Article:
Cleveland Virtuosi on
Chagrin Valley Chamber Music Series (September 18)
By Daniel Hathaway
An old tradition — the “conductorless” chamber orchestra, led by the primo violinist — returned in the form of a new ensemble called the Cleveland Virtuosi at Valley Lutheran Church in Chagrin Falls on Sunday afternoon. Led by Chagrin Valley Chamber Music Series’ artistic director Hristo Popov, twelve string players, with the assistance of three keyboardists and mezzo-soprano Lara Nie, opened the series with music by Albinoni/Giazotto, Richard Strauss, Joseph Canteloube, Antonio Vivaldi and W. A. Mozart to a good-sized audience.
The ensemble was at its virtuosic best in Vivaldi’s Concerto for Two Violins (op. 3, no 8, the one in a minor that J.S. Bach admiringly transcribed for organ). Here Popov was joined by Andrew Sords, who may have been officially playing second fiddle to Popov, but was a splendid and equal partner in Vivaldi’s dazzling scales and thrilling dialogue. Ensemble was tight and rhythmically vital throughout the piece. If the slow movement sounded a bit pokey, the Virtuosi made up for that with an unrestrained and ebullient dash through the final Allegro. Eriko Izumida played harpsichord continuo.
The Virtuosi opened the afternoon with a solemn reading of Remo Giazotto’s mid-twentieth century Adagio in g minor for strings and organ, which the Italian musicologist and Albinoni scholar allegedly based on a fragment of melody and bass rescued from the Saxon State Library after World War II. Whatever its origin, it always makes a good impression. Margaret Losik played the organ part on an electronic instrument from the gallery and Popov delivered soulful recitatives. At the other end of the afternoon, the ensemble closed with Mozart’s bubbly Divertimento in D, K. 136. Here the string playing wasn’t quite so tidy as in the Bach, but the Virtuosi pointed up dramatic contrasts in dynamics and kept textures light and transparent.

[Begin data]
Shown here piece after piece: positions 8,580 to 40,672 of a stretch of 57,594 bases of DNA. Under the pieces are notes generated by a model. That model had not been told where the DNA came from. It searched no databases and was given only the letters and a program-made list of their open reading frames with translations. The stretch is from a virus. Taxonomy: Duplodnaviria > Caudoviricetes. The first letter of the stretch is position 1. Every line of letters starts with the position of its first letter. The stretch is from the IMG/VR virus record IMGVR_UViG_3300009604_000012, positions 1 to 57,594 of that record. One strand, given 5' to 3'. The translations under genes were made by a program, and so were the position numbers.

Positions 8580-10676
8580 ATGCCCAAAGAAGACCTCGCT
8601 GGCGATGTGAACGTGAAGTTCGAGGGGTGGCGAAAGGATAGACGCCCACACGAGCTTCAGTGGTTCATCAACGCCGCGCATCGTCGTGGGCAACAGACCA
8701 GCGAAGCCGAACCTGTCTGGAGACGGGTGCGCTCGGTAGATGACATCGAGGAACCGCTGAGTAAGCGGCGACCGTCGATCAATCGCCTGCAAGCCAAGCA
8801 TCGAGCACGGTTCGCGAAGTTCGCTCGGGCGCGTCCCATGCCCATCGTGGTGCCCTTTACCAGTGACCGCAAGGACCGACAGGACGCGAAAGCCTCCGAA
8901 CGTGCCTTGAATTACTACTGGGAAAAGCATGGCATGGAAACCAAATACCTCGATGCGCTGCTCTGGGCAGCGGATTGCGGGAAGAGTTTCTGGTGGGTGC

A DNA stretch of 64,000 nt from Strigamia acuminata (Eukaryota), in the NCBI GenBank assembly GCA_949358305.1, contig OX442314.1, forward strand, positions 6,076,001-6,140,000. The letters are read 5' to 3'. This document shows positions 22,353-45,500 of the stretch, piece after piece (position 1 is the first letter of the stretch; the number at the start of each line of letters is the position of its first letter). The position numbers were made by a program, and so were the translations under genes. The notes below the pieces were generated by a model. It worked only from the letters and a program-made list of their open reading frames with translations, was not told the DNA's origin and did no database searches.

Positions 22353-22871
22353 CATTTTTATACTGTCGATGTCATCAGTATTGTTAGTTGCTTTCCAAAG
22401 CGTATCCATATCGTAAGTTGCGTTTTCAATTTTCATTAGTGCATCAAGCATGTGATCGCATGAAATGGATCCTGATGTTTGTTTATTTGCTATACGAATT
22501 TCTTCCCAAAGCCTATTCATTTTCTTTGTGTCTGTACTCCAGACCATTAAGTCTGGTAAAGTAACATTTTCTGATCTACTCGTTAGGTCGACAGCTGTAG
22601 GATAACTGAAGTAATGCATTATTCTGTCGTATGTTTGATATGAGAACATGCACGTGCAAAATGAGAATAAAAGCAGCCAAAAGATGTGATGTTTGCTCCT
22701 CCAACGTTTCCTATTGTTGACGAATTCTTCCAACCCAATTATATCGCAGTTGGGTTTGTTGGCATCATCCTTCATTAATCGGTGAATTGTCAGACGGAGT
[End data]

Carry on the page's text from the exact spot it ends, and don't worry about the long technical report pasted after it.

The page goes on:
The torso of the program featured mezzo-soprano Lara Nie in three of Strauss’ Four Last Songs and four of Canteloube’s Chants d’Auvergne, in voluptuous arrangements for strings and piano by Wanda Sobieska, who plays violin in the ensemble. For these, Sords assumed the concertmaster’s place and Popov took up a baton to lead the ensemble.
Nie is phenomenal at putting the sense of songs across to the audience, and her diction both in German and Auvergnat was impeccable (English versions of the Strauss’ Nacht, Morgen and Zueignung were printed in the program, but the first three Cantaloube songs were given only in their original Occitan). Nie also sang beautifully, producing a rich, focused sound in the Strauss, and adopting appropriately earthy timbres for the Canteloube, where she vividly expressed emotions with her eyes as well
Sobieska’s reworkings of the seven pieces were masterful, and the pair of violin solos in the final Cantaloube song (Bailero) gave Popov and Sords yet another opportunity to shine. Pianist Per Enflo was stationed off to the side behind the double bass, where he did an amazing job of flying blind.
Having made an impressive debut, the Cleveland Virtuosi will return on December 3 as the orchestra for the Chagrin Valley Chamber Music Series’ Messiah performance with Quire Cleveland. Before that, the next series concert will feature violinist Joan Kwuon and pianist Elizabeth DeMio on October 23 at 3 pm.
Published on clevelandclassical.com September 20, 2011
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